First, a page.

Monday, January 31, 2011

The SBA and hecatomb


(HEK-uh-toom, -tom)

A large-scale slaughter.

Originally a hecatomb was a public sacrifice and feast of 100 oxen or cattle to the gods in ancient Greece and Rome. The word is derived from Latin hekatombe, from Greek hekatombe, from hekaton (hundred) + bous (ox).
The hecatomb in commercial real estate is over.

The Moody’s/REAL All Property Type Aggregate Index recorded a 0.6% increase in November, the third consecutive month of national price gains.

This index measures overall commercial property values on a monthly basis. The changes are based on repeat sales transactions.

The National – All Property Type Aggregate Index has increased 6.4% during the past three months. These three months of rising prices contrast with the prior three months in which prices measured significant declines. Prices are up 2.8% from a year ago, down 31.6% from two years ago and are 41.6% below the peak, which occurred in October 2007.

If you would like a copy of Moody’s January 2011 report on commercial real estate, let me know.

Either a SBA 504 loan or a SBA 7(a) loan can finance commercial real estate.
SBA LIBOR Base Rate January 2011 = 3.26%
SBA Fixed Base Rate January 2011 = 6.06%
504 Debenture Rate for January
The debenture rate is 3.89% but note rate is 3.951% and effective yield is only 5.951%.

Will there be a hecatomb for borrowers with variable rate loans?

The economy is improving. It accelerated in the fourth quarter of 2010 as consumer spending climbed by the most in more than four years.

Gross domestic product grew at a 3.2 percent annual rate. For all of 2010, the world’s largest economy expanded 2.9 percent, the most in five years, after shrinking 2.6 percent in 2009. The volume of all goods and services produced rose to $13.38 trillion, for the first time surpassing the pre-recession peak reached in the fourth quarter of 2007.
Household purchases, about 70 percent of the economy, rose at a 4.4 percent pace last quarter, the most since the first three months of 2006. The increase added 3 percentage points to growth.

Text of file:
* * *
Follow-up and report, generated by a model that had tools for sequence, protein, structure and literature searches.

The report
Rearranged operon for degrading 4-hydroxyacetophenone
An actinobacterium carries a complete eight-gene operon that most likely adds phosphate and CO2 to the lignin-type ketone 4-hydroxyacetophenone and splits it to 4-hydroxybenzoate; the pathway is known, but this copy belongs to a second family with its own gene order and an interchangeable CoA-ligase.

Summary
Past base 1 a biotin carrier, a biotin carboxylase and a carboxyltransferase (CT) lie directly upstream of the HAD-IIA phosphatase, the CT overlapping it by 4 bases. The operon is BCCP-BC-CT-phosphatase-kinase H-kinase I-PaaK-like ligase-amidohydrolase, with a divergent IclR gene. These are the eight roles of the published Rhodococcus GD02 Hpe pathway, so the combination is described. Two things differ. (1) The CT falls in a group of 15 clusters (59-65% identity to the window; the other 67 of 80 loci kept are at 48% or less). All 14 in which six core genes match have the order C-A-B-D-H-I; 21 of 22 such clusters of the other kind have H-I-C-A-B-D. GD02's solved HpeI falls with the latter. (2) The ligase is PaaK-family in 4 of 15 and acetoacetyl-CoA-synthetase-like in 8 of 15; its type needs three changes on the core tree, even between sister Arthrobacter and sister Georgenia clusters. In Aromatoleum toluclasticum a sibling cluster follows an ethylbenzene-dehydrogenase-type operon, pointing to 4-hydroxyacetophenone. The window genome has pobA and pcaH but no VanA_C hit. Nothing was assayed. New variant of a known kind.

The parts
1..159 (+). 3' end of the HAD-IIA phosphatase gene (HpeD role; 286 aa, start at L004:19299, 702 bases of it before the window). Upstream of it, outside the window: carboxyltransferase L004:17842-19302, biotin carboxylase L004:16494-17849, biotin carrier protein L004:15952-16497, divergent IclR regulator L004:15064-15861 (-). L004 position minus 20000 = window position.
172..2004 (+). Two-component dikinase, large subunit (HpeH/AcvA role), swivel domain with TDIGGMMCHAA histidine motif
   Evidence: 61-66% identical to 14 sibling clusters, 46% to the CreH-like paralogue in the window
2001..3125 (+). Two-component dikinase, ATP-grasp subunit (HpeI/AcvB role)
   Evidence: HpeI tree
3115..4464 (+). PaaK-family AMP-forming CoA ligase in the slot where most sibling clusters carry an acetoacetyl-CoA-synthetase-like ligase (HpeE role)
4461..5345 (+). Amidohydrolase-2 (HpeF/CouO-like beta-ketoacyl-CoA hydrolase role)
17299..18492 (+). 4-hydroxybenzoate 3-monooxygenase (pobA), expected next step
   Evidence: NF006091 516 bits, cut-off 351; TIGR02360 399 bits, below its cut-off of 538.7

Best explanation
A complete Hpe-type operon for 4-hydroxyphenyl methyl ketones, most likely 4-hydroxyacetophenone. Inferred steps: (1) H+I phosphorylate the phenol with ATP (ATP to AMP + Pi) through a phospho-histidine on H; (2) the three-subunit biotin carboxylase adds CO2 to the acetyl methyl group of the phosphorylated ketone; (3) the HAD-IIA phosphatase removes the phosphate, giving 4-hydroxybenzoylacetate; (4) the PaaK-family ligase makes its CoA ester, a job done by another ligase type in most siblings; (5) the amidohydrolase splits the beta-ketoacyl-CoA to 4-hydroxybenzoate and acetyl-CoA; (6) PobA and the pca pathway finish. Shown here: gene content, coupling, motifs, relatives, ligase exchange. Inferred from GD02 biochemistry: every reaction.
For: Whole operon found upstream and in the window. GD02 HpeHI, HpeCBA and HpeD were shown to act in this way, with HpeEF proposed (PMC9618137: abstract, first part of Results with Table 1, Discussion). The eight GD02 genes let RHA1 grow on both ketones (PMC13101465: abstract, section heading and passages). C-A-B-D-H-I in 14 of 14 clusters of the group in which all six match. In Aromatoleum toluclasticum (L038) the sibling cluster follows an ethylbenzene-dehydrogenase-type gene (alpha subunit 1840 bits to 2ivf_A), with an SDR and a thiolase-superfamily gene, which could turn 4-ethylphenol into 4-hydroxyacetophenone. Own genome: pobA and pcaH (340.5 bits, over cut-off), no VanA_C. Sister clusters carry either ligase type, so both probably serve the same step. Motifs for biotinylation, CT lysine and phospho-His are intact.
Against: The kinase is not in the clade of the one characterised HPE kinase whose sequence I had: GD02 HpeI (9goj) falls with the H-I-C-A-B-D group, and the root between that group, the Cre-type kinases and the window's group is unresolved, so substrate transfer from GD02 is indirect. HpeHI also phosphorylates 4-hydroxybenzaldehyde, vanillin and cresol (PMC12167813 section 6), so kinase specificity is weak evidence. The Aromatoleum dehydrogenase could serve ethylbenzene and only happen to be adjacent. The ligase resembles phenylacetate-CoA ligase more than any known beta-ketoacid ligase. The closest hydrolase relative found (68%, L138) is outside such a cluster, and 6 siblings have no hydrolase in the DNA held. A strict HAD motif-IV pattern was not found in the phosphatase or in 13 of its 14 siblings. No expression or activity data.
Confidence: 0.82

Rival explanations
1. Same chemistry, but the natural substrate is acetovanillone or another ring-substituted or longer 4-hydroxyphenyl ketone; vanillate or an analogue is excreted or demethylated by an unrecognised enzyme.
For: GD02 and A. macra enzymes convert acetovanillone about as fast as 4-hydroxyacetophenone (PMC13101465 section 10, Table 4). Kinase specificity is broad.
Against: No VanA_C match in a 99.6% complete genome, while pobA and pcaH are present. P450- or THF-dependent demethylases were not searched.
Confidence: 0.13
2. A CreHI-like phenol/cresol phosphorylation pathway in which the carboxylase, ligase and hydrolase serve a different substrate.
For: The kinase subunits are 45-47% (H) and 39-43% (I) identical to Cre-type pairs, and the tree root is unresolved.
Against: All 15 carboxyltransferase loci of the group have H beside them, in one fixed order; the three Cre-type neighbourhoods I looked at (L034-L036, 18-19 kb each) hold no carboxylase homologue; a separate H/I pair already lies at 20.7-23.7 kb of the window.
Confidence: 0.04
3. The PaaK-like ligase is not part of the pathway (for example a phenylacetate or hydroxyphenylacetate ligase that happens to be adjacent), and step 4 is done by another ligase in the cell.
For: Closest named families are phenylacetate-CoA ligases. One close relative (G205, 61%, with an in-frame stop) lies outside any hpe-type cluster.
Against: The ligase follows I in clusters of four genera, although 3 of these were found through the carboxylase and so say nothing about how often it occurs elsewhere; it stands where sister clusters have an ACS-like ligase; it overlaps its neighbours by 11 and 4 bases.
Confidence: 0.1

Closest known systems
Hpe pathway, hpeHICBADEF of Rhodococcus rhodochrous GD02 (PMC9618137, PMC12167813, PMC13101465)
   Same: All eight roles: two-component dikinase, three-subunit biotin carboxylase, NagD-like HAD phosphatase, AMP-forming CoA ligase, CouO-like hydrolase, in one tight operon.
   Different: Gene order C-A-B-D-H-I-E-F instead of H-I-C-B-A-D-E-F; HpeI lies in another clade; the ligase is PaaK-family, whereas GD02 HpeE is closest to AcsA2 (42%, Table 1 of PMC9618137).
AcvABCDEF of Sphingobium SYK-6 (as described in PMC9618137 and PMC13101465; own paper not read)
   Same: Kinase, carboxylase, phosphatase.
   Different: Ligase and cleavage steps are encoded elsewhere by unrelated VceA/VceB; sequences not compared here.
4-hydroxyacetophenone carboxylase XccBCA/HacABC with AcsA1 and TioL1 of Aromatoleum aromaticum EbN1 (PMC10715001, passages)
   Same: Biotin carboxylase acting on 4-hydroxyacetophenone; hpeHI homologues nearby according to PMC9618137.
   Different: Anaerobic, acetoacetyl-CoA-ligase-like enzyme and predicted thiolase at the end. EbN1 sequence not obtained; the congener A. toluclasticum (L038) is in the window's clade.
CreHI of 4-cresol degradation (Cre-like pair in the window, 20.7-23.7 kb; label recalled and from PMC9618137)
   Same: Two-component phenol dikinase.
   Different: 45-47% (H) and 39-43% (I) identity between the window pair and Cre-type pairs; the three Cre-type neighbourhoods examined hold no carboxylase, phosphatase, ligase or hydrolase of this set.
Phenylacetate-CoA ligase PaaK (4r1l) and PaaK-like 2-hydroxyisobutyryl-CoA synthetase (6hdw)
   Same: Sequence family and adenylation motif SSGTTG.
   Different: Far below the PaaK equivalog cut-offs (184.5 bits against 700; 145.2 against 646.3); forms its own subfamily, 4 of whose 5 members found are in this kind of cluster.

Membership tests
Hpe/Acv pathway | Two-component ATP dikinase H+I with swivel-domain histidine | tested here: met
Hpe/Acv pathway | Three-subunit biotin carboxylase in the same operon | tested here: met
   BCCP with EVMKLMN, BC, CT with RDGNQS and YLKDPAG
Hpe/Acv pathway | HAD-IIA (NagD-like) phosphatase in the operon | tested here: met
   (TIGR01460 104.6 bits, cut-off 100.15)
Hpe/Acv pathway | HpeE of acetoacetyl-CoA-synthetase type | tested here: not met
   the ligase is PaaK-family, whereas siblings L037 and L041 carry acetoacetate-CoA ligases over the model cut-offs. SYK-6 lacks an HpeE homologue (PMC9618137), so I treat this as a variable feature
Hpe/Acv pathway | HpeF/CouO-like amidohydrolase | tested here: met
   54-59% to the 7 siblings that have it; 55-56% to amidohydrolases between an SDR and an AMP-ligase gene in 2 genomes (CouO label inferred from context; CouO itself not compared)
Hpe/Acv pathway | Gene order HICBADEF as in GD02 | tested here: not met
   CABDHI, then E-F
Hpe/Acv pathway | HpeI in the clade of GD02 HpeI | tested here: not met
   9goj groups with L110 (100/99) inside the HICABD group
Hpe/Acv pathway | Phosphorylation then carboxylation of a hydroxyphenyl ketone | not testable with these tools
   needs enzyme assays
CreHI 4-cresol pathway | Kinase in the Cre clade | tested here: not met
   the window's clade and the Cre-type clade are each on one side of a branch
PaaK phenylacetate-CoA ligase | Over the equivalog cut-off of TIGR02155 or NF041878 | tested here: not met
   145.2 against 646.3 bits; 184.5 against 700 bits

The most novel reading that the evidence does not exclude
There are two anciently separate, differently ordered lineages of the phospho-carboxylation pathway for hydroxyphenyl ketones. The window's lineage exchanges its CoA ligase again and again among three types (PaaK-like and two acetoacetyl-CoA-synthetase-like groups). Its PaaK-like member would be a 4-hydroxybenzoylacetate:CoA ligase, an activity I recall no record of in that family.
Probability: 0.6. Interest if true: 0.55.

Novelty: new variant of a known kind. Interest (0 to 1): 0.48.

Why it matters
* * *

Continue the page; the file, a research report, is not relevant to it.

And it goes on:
Rates have to start going up, right?

Fed policy makers indicated last week that growth isn’t strong enough to reduce the jobless rate as fast as they would like.

Keep your eye on Friday’s payroll report from the Department of Labor.
Here is a summary of net monthly payroll employment and this week’s interesting little table of data:
December 103,000
November 71,000
October 210,000
September (41,000)
August (1,000)
July (66,000)
June (175,000)
May 431,000
April 218,000
March 230,000
February (36,000)
January (26,000)
December (150,000)
November (11,000)
October (111,000)
September (215,000)
August (201,000)
July (304,000)
June (443,000)
May (322,000)
April (504,000)
March (699,000)
February (651,000)
January (655,000)
December (681,000)
November (597,000)
October (423,000)
September (403,000)
August (127,000)
July (67,000)
June (100,000)
May (47,000)
April (67,000)
March (88,000)
February- (83,000)
January- (76,000)

What does all this mean?

I don’t know.

For all of 2010, about 1.1 million jobs were created, the most since 2006.

That’s a start, but we’ve got a long ways to go.

There are still over 7 million fewer jobs in the U.S. compared to the peak of employment in 2007.

If the U.S. economy adds 200,000 jobs per month, it will take 3 years to get back to the previous peak. And that doesn't include jobs needed to offset population growth (about 125,000 jobs per month).

The Federal Open Market Committee last week said that “economic conditions…..are likely to warrant exceptionally low levels for the federal funds rate for an extended period.”

Until employment really picks up, rates will remain low.

No one is predicting a hecatomb in the Super Bowl.

The Green Bay Packers are only 2 ½ point favorites over the Pittsburgh Steelers.

This is the narrowest point spread in 27 years.

The last Super Bowl to have a point spread of less than three points was played after the 1983 season, when the Washington Redskins were 2 1/2-point favorites over the Raiders.

Of course the Raiders went on to win that game 38 – 9.

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